So... I quickly discussed the possibility of re-rolling the Cache API on top the k/v interface with @pounard on IRC. @catch You also mentioned that idea briefly over at #1175054: Add a storage (API) for persistent non-configuration state. What's your opinion now? Currently, the only incompatibility is ->getAll() which might be troublesome for some backends?! We wouldn't really gain much from this other than consistent APIs. And I think the foundation for both APIs actually IS identical.

Also, the KeyValueStore has an $options argument in the constructor. We currently don't have that in the CacheBackenInterface. However, I think that could actually make sense.

Comments

It makes some sort of sense looking at the implementation details, but it doesn't really in term of interfaces, because the business is different.

Today, the interface and business being different, we could possibly plan to use the k/v as hidden backend inside a defautl implementation, for example. This way would make sense. But I have some red flags raising in my head.

The situation today is that the cache backends are mature (long term mature, 2 major versions they exists) and contrib backends are efficient. I'd like to keep that until the k/v matures itself a bit more before thinking of using the k/v as backend for our default implementations.

Plus, there is another red flag here, native backends targeted are not the same, both needs being conceptually different. For example, memcache is a volatile storage, k/v is designed to store persistent and coherent data (coherent as data consistency is maintained): memcache itself is not a target for the k/v store. This means that in the mid term, there will be two great families of cache backends: the one that k/v supports, and the others, but I might think both will be as big in term of backend numbers.

Another big concern is that cache has some added features (right now I'm thinking of flush and wildcard operation, even if the later may disappear, the former won't): those features are not supported by k/v as it is today, which means that we just cannot use a k/v interface, but we'd end up by extending the existing ones, which defies a bit the purpose of having a default implementation. Therefore we would end up with a database cache implementation extending the k/v database store, have an array based cache implement extending the array based k/v and so on... plus all implementing cache, instead of having a standalone, unique and sufficient "k/v based cache" implementation accepting any k/v backend per composition. This raise a great warning which is that code sharing won't be perfect, extension will ofuscate the code and make it harder to maintain.

Considering the point above, this also means that if k/v derivates, evolves (or cache) fixing the extending implementation will be even harder, because we'll probably face spaguetti code in that specific implementation.

Another big concern is about edge features that one of cache and k/v has but the other has not: those needless features for the cache might imply heavy design concerns on the k/v store: this would mean that, for example, a Redis cache backend using the k/v implementation could be blocked because of the way k/v uses Redis, which could prevent missing methods to be implemented. Keeping it separated in this case is the wizer thing to do.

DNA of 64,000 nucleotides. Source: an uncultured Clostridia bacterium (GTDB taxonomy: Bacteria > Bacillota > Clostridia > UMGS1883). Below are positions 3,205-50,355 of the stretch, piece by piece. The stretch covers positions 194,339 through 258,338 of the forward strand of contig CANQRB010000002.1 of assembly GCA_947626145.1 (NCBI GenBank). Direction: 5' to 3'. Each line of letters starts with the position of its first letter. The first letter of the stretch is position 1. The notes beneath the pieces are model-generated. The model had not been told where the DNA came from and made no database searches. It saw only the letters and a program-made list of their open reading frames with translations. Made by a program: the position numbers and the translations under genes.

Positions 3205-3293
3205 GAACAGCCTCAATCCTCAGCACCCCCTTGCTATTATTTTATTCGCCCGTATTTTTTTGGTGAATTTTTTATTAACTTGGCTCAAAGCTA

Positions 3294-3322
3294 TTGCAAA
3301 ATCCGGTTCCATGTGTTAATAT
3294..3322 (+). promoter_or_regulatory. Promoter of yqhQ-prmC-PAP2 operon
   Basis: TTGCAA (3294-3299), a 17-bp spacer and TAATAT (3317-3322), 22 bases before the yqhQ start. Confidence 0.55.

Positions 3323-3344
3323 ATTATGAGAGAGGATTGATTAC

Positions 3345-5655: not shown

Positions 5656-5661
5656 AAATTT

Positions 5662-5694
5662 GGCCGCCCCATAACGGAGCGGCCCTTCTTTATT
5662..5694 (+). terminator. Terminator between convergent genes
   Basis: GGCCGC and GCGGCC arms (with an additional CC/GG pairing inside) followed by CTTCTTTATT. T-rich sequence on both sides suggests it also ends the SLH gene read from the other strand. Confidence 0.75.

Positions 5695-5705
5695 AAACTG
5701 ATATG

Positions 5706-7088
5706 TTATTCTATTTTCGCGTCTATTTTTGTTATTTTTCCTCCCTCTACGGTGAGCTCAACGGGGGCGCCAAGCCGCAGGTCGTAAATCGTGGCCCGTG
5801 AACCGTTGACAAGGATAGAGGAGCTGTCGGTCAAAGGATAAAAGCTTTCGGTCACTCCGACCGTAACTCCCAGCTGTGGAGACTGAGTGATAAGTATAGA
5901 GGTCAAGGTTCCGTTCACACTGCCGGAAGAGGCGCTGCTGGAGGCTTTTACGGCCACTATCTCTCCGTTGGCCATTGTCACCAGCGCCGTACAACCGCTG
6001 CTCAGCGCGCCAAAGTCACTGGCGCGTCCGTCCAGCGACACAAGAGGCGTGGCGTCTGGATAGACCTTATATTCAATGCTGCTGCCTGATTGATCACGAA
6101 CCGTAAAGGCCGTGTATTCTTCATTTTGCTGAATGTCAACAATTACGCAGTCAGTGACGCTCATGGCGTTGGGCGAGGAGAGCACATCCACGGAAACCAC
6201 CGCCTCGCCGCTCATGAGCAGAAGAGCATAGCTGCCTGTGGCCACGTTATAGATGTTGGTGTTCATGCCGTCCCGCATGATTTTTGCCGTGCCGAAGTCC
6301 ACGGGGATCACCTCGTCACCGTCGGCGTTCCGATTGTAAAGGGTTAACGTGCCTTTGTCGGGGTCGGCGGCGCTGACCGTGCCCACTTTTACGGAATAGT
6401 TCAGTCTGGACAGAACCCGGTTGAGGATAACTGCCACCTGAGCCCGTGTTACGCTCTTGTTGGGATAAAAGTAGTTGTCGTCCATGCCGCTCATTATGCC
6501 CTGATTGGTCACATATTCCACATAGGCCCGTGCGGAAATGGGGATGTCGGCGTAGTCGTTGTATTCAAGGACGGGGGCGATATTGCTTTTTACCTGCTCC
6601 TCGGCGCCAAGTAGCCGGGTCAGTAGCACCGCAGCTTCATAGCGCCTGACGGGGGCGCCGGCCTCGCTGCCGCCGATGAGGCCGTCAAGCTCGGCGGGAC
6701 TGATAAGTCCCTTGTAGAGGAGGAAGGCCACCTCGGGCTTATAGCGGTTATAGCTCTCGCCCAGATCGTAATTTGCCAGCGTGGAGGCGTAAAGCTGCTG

Another concern is pure optimization, both k/v and cache may look the same, but they don't have the same use case. For example, cache must be extremelly fast at read operations, while k/v can be optimized of both read and writes. Consensus is uneasy and if we think in term of raw performances, merging both is definitely not a good idea.

Although, I'm not definitely closed to this question, but I think we need the k/v to mature before thinking of it. Right now, k/v is used for non cache use cases, and it we need to extract more core use cases, make it evolve to be efficient for those use case, and after that see if it fits for cache. Cache backends are simple (really, very simple) to implement, and even if some pieces of code might look the same as k/v, it's small enough to be maintained alone. At this level (database cache backend is less that 300 lines of code, comments included) I think that extension, merge, abstraction would cause more problems than it would solve: this would be a leaky abstraction and make it harder to maintain.

So @pounard, I guess you are voting to 'punt" until a later date.

I think what @fubhy has raised is a valid idea. I also think we should explore this idea further. Maybe it it is too early, but there is a good possibility what is proposed makes sense.

@Lars Toomre Just in case, this is not a post bombing, I actually described a set of concerns that may be tackled. Please read them.

More inconsistencies (as of writing this):

  • KeyValueStoreInterface::get() returns NULL if it fails to find an entry with a particular key. CacheBackendInterface::get() returns FALSE. Considering that we are returning an object if we find something it doesn't really matter what we return... It's just a minor nit-pick.
  • KeyValueStoreInterface::getMultiple() currently doesn't accept the $keys by reference and suggests a different behavior in that regard.